Bombardier CSeries Woes Grow as Engine Failure Halts TestFrederic Tomesco
With the debut of its newest, biggest jet already running late, the last thing Bombardier Inc. needed was another problem.
One arrived anyway after an engine on the CSeries caught fire during ground tests, adding to the setbacks for a model already plagued by delays and rising development costs.
The plane, Bombardier’s Flight Test Vehicle 1, also suffered damage on May 29 at the company’s facility in Mirabel, Quebec, said Marc Duchesne, a spokesman. Canada’s Transportation Safety Board is gathering evidence and will decide by June 2 whether to conduct a full investigation, according to Julie Leroux, a spokeswoman.
Any time lost in flight trials would extend the struggles for a plane that Bombardier envisions producing as much as $8 billion in annual revenue later this decade. Orders for the plane haven’t met Bombardier’s target, and few major airlines have embraced a jet that the company bills as a challenger to Boeing Co. and Airbus Group NV aircraft.
“This news is unlikely to help sentiment in the CSeries,” Robert Stallard, an analyst at RBC Capital Markets in New York, wrote yesterday in a note to clients. Stallard also said the incident may raise questions about the plane’s new engines, the geared turbofan model from United Technologies Corp.’s Pratt & Whitney unit.
“We hope the investigation will proceed quickly so that we can resume flight tests as soon as possible,” Duchesne said.
Bombardier is being assisted in investigating the incident by Pratt & Whitney. More than 4,000 hours of engine testing have been conducted since trials began in September 2010, according to Bombardier’s website. The company has said the CSeries will cost about 15 percent less to operate and produce less noise.
The planemaker’s Class B stock dropped 2.4 percent to C$3.69 at the close in Toronto yesterday.
Bombardier’s biggest customer for the CSeries, Republic Airways Holdings Inc., said earlier this month that it’s considering whether to take the planes after a change in airline strategy.
“The whole point of ‘testing’ an aircraft is to find out if everything works perfectly -- and then fix it before it enters service,” Stallard said. “We’ve seen other testing issues in the past, but ultimately the issues have been addressed and the aircraft has entered operation. We expect this to be the case with the GTF.”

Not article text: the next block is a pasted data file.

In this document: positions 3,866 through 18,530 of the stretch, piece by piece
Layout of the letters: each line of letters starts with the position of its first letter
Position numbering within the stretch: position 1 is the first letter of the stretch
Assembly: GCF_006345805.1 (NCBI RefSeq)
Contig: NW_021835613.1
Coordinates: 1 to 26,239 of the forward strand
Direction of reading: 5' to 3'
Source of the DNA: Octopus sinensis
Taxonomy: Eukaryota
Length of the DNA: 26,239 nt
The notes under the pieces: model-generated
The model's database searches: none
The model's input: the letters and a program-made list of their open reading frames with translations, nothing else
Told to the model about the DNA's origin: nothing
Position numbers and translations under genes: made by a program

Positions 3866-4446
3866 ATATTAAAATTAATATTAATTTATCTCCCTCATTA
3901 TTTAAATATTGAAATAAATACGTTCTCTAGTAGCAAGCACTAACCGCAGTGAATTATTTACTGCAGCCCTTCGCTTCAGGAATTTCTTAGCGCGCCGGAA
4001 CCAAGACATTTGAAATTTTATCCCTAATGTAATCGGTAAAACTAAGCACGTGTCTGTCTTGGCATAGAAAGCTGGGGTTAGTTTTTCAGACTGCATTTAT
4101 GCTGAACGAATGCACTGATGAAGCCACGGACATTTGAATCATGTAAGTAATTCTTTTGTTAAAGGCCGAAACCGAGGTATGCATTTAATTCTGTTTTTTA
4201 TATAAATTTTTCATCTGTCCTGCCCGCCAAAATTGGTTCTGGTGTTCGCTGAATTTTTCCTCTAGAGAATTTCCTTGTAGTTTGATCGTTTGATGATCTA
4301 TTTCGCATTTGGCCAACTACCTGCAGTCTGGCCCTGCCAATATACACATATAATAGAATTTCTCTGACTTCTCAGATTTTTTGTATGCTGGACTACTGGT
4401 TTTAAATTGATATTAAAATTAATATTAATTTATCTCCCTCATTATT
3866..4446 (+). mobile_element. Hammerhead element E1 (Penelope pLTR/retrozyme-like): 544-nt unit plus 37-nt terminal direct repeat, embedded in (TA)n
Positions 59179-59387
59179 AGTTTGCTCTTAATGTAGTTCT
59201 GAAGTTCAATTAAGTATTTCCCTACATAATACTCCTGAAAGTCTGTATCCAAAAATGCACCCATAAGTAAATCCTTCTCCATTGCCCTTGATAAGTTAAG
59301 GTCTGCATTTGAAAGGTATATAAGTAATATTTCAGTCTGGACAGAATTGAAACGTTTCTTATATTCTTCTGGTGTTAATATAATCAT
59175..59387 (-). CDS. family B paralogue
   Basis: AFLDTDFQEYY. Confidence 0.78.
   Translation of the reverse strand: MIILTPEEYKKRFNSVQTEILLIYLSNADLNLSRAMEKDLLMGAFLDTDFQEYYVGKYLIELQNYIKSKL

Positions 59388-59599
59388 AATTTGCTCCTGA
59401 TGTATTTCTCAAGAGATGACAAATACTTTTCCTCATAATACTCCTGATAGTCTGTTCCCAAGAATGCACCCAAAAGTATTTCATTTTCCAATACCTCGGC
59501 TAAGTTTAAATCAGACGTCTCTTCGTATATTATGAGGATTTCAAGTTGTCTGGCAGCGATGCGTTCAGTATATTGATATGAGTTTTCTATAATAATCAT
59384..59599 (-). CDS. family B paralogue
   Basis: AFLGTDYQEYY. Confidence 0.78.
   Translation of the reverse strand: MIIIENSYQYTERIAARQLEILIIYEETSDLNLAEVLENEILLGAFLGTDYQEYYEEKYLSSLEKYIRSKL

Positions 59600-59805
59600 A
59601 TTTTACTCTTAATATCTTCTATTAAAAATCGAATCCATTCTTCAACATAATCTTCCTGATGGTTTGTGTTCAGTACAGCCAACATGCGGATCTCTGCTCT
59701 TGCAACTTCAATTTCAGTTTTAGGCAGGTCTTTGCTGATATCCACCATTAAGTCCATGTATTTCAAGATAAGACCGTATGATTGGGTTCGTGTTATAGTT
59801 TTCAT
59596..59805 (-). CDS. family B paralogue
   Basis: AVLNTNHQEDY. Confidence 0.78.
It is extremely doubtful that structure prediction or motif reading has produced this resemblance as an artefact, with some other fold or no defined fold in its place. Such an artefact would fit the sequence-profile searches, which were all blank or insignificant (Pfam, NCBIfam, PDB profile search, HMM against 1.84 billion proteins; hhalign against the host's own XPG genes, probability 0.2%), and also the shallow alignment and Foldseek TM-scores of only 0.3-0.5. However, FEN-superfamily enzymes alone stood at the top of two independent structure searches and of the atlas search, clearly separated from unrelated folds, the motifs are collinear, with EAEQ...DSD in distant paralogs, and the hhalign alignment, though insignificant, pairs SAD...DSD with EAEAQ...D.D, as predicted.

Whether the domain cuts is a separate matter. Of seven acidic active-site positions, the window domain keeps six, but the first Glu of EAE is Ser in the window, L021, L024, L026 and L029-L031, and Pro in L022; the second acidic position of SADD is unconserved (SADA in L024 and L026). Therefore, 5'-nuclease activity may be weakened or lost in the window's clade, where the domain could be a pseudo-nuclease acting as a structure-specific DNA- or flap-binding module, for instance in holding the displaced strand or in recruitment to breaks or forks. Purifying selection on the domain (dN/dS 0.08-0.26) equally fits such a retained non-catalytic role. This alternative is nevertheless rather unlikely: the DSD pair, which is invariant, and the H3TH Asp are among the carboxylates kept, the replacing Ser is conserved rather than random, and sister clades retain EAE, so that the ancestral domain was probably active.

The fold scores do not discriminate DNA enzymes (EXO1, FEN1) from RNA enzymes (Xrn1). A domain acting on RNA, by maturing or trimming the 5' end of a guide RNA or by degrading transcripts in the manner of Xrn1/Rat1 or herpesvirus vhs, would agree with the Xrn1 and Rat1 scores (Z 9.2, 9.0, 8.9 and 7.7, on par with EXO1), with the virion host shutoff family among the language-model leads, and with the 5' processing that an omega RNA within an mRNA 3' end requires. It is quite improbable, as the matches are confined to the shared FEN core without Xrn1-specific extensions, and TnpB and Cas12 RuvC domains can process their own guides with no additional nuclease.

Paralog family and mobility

While rare, damaging engine failures during flight operations and ground trials do occur. In August 2010, a Rolls-Royce Holdings Plc Trent 1000 engine for the Boeing 787 Dreamliner suffered a blowout on a testbed in the U.K. Three months later, a Trent 900 model exploded on an Airbus A380 flown by Qantas Airways Ltd.
In 2012, a Dreamliner doing high-speed taxi tests spewed debris from its General Electric Co. engine, igniting a grass fire along a runway at the Charleston, South Carolina, airport near Boeing’s new factory.
Bombardier is planning 2,400 hours of test flights for the CSeries. As of May 1, the company had logged about 280 hours of flight tests, or about 12 percent of the planned total. The FTV1 was the first CSeries prototype to fly, debuting on Sept. 16.
“It is unlikely in our view that the investigation period would create another delay for the CSeries program,” said Benoit Poirier, an analyst at Desjardins Securities.
The CSeries is now targeted for a commercial debut in the second half of 2015, following Bombardier’s Jan. 16 announcement that more time was needed to complete flight tests. The plane is designed to seat 108 to 160 people.